Alzheimer’s patients benefit from art, creative expression

by Kristine Berey

When a loved one is stricken with Alzheimer’s disease, it is hard to feel hopeful and not let the sense of loss take over.

In her coming lecture See Me, Hear Me and Listen at the Alzheimer Groupe’s Education Conference, gerontologist Pamela Atwood will describe techniques that will help caregivers tap into patients’ talents and abilities.

Communication is the greatest challenge in caring for a person with dementia, but it is not impossible, Atwood says.

“Fresh ways of connecting with people are easiest through the arts. We may not know a specific word we are looking for but can express emotion.”

Atwood described an approach inspired by the Montessori method that is used successfully with dementia patients.

“It uses familiar things from the environment to do familiar activities. For example, instead of talking about having a meal, a patient would be invited to help make a meal and in the process literally go through the motions.

“When you use the same muscle patterns (as a familiar activity), that is when you tap into different kinds of memory. My work is doing those kinds of things through arts.”

Atwood says her approach is tailored to the individual.

Because she loves singing and is part of the Sweet Adelines, a female barbershop-singing group, she believes that should she get dementia, music would be the best way to connect with her.

“People’s communication abilities change over time. We as care providers feel that when there is a change, they have lost ability. What we are saying now is that we have to be more creative in tapping in other ways people communicate, such as body language, acting, poetry, painting and music.”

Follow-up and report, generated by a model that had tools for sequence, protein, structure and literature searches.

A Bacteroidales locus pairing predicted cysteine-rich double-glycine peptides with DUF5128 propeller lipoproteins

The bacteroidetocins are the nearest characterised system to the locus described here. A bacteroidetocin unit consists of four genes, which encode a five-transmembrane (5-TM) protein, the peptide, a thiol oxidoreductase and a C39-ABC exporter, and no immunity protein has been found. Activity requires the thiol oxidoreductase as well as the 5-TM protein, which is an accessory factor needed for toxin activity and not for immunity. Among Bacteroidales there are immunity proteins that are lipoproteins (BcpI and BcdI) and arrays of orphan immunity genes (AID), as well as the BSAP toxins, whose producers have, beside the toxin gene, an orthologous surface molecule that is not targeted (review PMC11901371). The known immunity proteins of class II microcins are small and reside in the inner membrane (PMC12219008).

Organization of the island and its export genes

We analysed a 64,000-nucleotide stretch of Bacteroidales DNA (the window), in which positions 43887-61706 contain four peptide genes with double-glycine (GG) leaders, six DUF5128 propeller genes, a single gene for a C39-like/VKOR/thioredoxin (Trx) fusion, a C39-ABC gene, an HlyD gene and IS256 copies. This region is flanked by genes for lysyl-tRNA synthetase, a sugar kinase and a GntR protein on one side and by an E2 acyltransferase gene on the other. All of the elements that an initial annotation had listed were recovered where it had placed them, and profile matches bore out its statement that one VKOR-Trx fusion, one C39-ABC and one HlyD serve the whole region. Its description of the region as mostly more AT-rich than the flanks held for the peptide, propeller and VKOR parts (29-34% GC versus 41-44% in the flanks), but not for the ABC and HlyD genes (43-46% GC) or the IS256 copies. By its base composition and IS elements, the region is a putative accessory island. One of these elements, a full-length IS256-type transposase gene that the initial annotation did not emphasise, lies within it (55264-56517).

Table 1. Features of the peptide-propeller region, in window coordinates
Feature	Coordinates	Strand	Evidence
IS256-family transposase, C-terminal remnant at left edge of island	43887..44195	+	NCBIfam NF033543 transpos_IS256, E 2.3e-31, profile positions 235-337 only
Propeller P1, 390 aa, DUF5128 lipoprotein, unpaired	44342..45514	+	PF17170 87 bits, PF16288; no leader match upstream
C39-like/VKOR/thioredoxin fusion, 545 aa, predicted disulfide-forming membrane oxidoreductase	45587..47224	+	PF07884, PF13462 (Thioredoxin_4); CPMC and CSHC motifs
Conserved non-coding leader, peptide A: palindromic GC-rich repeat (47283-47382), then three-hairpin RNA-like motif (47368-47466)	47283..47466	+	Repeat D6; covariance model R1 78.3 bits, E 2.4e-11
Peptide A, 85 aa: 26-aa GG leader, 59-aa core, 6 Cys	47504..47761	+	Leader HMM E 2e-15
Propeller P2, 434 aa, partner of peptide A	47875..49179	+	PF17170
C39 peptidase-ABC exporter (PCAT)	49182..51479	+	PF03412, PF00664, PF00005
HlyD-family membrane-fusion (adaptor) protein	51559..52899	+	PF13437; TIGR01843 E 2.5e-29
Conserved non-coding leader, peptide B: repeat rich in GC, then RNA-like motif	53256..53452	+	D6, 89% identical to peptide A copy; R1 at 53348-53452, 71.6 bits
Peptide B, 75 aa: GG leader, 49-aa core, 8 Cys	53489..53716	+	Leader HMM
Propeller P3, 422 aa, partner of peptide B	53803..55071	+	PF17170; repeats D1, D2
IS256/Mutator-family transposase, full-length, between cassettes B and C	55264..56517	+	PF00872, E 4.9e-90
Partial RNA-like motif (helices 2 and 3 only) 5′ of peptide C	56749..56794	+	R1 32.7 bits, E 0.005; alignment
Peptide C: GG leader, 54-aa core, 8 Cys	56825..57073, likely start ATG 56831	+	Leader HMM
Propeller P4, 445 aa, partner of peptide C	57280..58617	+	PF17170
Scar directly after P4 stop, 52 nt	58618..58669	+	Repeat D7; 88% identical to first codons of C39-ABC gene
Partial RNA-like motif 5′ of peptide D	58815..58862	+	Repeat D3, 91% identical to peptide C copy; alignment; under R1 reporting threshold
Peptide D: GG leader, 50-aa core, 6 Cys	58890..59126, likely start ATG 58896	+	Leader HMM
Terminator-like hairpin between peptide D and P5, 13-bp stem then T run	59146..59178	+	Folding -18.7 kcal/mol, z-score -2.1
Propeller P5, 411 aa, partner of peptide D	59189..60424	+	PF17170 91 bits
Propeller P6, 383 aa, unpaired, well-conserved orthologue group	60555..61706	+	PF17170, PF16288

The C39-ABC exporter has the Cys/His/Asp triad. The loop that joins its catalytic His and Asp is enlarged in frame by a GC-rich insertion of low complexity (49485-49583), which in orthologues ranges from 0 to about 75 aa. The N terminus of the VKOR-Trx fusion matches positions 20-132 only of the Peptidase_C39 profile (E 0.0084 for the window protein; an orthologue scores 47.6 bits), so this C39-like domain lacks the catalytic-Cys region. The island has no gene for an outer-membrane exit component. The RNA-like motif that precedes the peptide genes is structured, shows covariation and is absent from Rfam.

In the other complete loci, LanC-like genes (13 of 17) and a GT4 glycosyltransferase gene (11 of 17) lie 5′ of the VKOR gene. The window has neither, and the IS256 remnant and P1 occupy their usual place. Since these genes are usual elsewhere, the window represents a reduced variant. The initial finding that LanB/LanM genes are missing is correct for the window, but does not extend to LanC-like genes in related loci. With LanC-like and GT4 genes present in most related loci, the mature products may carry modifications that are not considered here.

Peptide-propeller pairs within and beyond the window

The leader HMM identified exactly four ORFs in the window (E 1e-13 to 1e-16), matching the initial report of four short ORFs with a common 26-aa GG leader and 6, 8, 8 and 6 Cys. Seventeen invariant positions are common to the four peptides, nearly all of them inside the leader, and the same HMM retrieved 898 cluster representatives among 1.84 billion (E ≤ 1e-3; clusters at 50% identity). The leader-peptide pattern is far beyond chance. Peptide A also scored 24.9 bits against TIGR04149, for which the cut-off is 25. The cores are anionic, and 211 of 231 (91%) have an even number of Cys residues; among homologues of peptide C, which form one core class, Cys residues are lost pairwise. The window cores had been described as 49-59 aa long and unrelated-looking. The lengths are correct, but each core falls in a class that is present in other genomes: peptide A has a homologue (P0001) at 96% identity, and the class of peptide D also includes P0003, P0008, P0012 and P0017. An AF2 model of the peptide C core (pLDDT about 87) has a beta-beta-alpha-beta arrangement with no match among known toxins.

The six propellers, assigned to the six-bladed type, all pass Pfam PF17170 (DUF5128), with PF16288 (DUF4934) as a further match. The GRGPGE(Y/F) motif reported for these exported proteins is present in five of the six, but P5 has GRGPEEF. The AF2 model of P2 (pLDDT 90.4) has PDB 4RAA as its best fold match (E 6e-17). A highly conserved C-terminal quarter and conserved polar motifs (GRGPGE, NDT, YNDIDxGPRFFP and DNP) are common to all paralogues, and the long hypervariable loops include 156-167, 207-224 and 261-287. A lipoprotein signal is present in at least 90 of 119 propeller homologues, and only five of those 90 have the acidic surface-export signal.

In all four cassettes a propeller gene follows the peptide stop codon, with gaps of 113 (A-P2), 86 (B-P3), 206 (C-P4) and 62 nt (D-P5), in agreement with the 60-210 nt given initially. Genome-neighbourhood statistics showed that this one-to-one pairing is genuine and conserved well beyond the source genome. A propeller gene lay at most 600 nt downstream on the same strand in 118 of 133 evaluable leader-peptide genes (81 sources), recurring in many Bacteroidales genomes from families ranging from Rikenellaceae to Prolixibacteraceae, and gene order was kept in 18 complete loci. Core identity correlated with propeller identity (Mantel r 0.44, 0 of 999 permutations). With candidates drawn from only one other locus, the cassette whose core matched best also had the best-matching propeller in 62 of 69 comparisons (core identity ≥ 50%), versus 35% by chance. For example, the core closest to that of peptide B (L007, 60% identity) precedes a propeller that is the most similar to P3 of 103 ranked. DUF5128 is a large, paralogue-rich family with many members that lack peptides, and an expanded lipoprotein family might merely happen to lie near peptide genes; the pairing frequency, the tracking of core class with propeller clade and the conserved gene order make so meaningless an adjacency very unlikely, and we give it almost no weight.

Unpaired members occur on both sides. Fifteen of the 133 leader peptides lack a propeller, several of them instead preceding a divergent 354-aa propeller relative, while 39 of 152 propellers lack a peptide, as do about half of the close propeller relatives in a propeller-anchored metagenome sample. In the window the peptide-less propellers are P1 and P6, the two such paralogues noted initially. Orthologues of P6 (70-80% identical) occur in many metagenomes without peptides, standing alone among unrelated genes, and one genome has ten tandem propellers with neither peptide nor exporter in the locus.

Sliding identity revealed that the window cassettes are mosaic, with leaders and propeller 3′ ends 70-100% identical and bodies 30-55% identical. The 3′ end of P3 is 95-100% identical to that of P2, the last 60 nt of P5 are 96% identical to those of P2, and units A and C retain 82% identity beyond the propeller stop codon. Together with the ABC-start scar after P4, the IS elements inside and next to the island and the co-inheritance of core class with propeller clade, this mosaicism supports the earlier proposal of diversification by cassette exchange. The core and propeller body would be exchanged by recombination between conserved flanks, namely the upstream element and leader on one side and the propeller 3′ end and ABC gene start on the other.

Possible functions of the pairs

Atwood uses all forms of art to engage the patient.

“Mandala art encourages people to explore concepts in colour,” she says. She will use familiar objects retrieved from nature.

By engaging the senses, you tap into skills and memories that are “overlearned” in the brain and never forgotten, such as playing the piano or riding a bike.

Being engaged in an art project sometimes benefits the caregiver as much as the patient, Atwood says.

She describes an incident where a patient’s sister was visibly discouraged and withdrawn in caring for her ill sister.

After the two had collaborated on a piece of pottery, they were moved to sing a song together.

“The smile and love on the caregiving sister’s face was priceless,” Atwood says. Now the two participate in organized social activities, whereas before the sister assumed nothing she did would make a difference.

Atwood has learned some of her skills through working with her son, who has a sensory processing disorder. As well, she is a certified therapeutic laughter leader.

“What I think is funny you may find offensive, but we do therapeutic laughter exercises.”

Although these exercises begin with fake laughter, they lead to true, mirthful laughter, Atwood says.

Pamela Atwood will speak at the day-long Alzheimer Groupe’s Education Conference for Care Providers, on November 6. 7655 Décarie. 514-485-7233,


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